Coming back across the Oregon High Desert, (a quick aside here: I'd say about 80% of my route from my home in southern Oregon to western Idaho is through rough country where there is no cellphone reception. I carry the cellphone, but it's mostly for looks.) about twenty miles out of Bend, my cellphone rang -- gasp -- what's that sound! It was the print company doing my swamp book telling me that they'd sent the corrected pages back to me email (at home) and that they'd need them at 8am sharp (Central Daylight Time -- I'm on Pacific Daylight Time) the next morning to continue to keep my spot in the queue. Well, I was delighted that 1) they actually were able to reach me and 2) that they warned me, because I might not have checked my email when I got home.
But that also meant that after twelve hours and 500+ miles on the road, tired and a bit groggy, I had to sit at the computer with an actively engaged brain (yeah, sure) and recheck the pages they sent to make sure all was copacetic, and then email them back that night so they'd have them the next morning. But NOW, I'm DONE with the book, there's nothing else I CAN DO with the book. Sure feels funny! By the way, I upgraded The Southern Swamp Explorer page with a peek inside the book if you'd like to look. Let me know if you think it helps!
And as for promoting the workshops, I now need to telephone or email the places I left workbooks during my trip and make my pitch. I'm awful on the phone. I hate telephoning (talk about being out of step with today's world!) and I have to force myself to follow through with a phone call.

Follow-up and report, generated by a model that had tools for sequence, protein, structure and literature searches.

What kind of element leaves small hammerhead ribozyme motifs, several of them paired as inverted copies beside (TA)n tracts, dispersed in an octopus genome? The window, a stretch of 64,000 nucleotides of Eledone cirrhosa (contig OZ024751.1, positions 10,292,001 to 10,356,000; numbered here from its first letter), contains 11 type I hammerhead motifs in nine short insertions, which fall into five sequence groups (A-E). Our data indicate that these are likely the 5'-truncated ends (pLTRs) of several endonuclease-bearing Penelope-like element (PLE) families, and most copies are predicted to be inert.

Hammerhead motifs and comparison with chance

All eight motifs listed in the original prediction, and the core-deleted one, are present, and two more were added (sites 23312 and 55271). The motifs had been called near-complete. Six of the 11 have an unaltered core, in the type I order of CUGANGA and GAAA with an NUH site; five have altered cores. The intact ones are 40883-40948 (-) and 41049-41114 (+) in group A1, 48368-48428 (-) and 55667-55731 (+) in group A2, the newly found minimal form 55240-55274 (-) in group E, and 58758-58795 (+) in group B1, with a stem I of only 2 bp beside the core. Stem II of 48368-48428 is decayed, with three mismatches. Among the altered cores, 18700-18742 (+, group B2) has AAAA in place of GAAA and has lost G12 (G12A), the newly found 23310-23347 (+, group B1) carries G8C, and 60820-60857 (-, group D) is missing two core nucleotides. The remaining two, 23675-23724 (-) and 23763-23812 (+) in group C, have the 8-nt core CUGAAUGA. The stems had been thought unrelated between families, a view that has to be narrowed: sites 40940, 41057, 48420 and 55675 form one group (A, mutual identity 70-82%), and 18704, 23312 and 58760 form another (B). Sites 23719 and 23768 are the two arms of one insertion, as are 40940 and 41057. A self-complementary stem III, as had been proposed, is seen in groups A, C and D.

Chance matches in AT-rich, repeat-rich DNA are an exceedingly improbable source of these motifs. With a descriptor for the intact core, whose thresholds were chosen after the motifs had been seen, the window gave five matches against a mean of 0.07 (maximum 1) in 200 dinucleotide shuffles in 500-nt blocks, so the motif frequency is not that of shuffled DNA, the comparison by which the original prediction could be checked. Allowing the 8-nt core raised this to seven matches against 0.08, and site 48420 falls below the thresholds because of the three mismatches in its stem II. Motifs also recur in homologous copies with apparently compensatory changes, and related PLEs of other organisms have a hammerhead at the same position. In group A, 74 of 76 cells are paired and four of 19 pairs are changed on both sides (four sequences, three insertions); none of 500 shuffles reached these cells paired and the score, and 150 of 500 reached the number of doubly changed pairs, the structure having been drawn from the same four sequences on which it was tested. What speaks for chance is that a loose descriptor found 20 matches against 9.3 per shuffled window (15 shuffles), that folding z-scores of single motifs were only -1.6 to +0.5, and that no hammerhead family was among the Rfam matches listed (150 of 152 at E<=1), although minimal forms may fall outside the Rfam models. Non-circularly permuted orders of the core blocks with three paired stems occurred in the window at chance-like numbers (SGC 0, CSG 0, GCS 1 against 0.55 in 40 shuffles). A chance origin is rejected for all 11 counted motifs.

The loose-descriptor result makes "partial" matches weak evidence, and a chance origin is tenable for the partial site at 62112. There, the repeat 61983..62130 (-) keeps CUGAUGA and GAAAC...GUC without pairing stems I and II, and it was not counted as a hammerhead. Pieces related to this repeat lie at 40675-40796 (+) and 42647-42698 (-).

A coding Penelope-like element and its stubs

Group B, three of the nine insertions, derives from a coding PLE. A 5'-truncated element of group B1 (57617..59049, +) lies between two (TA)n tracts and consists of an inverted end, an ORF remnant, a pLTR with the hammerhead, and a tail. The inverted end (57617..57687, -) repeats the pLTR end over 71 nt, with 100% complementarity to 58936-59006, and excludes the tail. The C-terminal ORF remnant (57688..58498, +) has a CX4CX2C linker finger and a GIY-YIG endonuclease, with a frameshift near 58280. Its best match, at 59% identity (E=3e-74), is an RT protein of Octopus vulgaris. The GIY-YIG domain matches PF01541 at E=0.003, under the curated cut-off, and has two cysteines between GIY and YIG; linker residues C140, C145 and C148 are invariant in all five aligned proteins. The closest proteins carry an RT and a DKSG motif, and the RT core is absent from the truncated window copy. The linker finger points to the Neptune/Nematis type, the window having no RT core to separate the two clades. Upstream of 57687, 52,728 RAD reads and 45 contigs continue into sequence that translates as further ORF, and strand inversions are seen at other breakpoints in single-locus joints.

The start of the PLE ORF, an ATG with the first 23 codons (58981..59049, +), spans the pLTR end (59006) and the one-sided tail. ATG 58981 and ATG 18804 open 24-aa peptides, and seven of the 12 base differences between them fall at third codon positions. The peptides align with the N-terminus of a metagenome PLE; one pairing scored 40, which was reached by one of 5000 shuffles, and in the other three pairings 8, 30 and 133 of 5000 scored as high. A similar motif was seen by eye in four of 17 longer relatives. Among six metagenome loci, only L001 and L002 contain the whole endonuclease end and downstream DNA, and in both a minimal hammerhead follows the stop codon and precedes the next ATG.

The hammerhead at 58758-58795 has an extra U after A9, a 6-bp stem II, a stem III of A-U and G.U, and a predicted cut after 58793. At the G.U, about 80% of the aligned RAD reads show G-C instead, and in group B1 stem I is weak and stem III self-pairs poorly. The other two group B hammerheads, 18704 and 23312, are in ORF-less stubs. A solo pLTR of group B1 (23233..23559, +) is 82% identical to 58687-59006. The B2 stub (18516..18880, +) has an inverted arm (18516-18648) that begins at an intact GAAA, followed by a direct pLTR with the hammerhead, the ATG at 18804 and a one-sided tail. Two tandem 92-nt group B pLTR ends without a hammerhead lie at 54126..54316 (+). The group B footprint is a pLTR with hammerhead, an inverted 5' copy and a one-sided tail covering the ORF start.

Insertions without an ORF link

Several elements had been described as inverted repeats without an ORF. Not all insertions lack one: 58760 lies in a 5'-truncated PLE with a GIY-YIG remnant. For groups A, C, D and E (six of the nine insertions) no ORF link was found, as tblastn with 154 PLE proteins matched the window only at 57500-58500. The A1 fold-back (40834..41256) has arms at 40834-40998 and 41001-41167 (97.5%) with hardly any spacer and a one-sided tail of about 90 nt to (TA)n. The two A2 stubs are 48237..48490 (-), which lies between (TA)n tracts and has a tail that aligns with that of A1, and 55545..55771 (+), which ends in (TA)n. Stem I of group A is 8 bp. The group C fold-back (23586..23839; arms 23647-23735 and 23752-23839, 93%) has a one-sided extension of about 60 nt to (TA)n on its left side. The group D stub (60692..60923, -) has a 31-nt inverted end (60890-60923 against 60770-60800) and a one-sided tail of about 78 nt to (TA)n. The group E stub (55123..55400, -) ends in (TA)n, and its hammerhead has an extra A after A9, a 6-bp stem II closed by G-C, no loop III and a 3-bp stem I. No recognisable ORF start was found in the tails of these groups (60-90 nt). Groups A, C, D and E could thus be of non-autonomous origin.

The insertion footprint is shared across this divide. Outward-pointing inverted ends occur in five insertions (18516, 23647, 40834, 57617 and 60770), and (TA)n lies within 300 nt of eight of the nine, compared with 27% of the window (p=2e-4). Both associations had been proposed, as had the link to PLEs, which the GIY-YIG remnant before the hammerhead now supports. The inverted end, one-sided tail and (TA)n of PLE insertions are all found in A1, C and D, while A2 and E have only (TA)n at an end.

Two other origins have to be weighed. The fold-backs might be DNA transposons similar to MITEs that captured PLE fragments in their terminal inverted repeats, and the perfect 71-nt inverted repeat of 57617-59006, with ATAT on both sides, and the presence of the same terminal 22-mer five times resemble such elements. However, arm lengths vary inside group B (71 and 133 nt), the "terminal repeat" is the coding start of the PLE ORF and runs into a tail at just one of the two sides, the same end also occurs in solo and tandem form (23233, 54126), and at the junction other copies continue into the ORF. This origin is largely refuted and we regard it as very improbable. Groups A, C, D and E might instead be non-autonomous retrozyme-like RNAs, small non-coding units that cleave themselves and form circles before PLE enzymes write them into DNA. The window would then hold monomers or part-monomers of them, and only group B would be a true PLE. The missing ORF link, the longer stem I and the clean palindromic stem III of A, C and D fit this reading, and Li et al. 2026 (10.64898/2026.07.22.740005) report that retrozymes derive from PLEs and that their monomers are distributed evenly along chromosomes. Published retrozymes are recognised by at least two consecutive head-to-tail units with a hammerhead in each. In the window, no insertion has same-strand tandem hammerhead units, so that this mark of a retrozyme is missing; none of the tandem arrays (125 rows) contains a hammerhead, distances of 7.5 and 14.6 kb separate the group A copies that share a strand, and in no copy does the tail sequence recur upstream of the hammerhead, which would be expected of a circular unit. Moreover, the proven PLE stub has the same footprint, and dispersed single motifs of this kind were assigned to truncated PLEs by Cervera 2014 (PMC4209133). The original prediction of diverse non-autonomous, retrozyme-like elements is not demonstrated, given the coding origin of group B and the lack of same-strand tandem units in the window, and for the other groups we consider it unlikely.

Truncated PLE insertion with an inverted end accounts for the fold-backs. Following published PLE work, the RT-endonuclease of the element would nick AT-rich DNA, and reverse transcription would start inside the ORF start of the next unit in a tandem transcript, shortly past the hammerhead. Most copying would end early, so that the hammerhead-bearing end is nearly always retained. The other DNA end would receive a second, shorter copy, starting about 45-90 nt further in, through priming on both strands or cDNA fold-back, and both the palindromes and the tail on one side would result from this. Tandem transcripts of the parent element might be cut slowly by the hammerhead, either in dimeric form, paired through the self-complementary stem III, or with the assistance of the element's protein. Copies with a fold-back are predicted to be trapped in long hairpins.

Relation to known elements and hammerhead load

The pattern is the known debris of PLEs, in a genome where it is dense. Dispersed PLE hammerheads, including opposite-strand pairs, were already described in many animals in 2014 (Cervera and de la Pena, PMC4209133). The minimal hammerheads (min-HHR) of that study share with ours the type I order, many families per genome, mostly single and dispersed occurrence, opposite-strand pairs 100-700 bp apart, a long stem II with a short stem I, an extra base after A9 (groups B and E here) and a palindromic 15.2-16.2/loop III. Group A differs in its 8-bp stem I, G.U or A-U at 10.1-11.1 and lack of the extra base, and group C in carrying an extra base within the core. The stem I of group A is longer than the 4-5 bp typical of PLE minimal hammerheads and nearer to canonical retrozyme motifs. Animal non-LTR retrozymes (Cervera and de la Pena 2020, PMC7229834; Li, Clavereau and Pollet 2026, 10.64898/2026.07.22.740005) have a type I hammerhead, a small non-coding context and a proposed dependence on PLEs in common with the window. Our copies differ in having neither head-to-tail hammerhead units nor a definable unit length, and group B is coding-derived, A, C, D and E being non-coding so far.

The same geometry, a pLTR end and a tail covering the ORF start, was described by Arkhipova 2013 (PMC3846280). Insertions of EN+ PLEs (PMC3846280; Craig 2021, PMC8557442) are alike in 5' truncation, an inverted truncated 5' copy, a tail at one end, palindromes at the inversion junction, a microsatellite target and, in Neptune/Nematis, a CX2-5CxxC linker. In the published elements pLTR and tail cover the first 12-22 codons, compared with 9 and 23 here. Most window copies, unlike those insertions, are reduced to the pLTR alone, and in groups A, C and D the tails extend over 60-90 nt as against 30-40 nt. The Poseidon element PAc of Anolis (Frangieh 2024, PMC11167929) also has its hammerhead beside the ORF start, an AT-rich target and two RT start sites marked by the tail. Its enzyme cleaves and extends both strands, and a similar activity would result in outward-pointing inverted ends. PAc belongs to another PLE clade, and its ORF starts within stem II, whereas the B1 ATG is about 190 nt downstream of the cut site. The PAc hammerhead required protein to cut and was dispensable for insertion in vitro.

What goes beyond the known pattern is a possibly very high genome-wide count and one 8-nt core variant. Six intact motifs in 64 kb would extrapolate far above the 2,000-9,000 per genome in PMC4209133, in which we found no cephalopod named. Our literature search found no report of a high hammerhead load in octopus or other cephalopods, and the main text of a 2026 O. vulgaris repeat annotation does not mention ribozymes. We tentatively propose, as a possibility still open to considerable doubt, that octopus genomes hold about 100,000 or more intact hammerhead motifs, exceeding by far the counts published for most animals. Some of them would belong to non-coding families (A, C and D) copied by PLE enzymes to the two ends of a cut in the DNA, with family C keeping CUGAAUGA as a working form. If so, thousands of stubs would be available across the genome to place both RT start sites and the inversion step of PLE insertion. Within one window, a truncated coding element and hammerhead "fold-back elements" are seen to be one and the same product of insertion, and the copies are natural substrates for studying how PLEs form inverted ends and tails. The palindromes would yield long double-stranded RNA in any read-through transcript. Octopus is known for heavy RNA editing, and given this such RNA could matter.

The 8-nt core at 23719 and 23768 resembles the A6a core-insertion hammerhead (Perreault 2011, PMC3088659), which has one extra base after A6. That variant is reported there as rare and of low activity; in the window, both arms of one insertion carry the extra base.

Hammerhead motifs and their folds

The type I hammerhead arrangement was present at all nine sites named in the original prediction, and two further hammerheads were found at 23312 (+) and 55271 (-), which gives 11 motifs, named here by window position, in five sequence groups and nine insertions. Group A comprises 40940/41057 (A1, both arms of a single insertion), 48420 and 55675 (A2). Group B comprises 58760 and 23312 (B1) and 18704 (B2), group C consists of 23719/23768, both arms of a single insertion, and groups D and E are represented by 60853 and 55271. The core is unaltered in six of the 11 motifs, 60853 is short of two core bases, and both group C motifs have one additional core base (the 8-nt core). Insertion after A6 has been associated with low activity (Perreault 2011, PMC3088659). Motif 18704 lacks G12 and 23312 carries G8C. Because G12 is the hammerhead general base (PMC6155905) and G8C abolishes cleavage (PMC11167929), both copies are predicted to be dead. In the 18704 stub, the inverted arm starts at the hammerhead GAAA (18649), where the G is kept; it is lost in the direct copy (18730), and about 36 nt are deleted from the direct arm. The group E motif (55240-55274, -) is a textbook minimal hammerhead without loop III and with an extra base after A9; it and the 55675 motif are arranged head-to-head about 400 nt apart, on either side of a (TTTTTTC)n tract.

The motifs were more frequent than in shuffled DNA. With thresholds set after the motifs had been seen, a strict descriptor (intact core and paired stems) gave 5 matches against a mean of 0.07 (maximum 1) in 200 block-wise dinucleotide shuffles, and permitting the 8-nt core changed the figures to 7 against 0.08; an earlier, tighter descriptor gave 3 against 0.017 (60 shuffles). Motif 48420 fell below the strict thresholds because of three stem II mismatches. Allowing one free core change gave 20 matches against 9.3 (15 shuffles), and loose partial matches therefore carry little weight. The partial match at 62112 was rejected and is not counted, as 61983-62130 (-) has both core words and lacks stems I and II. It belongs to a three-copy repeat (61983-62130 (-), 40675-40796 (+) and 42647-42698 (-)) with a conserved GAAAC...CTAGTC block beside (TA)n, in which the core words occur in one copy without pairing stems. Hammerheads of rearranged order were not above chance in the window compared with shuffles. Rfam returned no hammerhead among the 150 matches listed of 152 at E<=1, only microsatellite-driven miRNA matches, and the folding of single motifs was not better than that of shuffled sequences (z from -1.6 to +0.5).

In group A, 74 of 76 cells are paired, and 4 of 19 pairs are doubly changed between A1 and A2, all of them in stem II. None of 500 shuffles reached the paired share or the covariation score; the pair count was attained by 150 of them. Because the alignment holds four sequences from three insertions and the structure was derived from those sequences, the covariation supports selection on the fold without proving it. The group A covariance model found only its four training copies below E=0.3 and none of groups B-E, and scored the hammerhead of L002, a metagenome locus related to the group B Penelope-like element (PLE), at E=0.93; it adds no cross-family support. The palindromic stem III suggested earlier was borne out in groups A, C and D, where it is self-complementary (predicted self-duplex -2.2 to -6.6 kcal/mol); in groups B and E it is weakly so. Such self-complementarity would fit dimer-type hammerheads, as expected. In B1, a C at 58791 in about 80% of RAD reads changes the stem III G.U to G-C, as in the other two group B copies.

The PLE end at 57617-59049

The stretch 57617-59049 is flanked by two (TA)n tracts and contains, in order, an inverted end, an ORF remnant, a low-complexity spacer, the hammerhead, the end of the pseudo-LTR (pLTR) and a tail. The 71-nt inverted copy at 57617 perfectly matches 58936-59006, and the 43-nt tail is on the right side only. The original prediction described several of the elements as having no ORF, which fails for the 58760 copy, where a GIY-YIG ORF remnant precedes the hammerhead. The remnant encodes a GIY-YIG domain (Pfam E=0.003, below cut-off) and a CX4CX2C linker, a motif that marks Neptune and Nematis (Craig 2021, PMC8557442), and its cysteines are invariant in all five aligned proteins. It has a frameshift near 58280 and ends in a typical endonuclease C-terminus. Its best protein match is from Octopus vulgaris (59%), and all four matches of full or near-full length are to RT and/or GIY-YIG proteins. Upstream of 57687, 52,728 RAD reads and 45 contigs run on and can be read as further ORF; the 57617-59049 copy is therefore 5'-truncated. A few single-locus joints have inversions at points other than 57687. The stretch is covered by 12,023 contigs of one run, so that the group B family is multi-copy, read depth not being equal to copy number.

By the way, I spent yesterday spiffing up my Upcoming Workshops webpage because if I'm about to start promoting my workshops seriously I want the webpage to look upscale so that people will know what happens in the workshops and feel comfortable contacting me about scheduling one.
I hope you'll go take a look (I added lots of graphics) because I need some feedback about whether I was successful in improving it, and also I need to know if anything is off the mark or if something else (or more of something) is needed. Also, I need to know how long it now takes it to come up on your screen, because of all the images. Please go see it and get back to me about what you see. I need you!
Where the heck is that person that wants to promote my workshops?
In the next few days, I'll be inventing my pitch for the workshop. I need something I can send along with my business card and a sample workbook to convince people that they need me to come give my workshop either to their people or to people they promote it to. When I get something together, I'll post it.
In the meantime, I hope you will check out my Upcoming Workshop page. It would be greatly helpful to get your reaction/opinion, and I'd really appreciate it!
p.s. Saleratus is a natural soda formed in drying alkali lakes, and the emigrants picked up chunks to use in their baking on the trail (and afterward, too, I expect).
To join me on a virtual sketching trip, download a travel sketch-journal here. I add tutorials to them so you can learn the techniques and details you see in the sketchbooks.
My former workshop students asked me to upload my workshop workbooks to make them available to everyone. So you can also download a workbook and give yourself a workshop! Enjoy!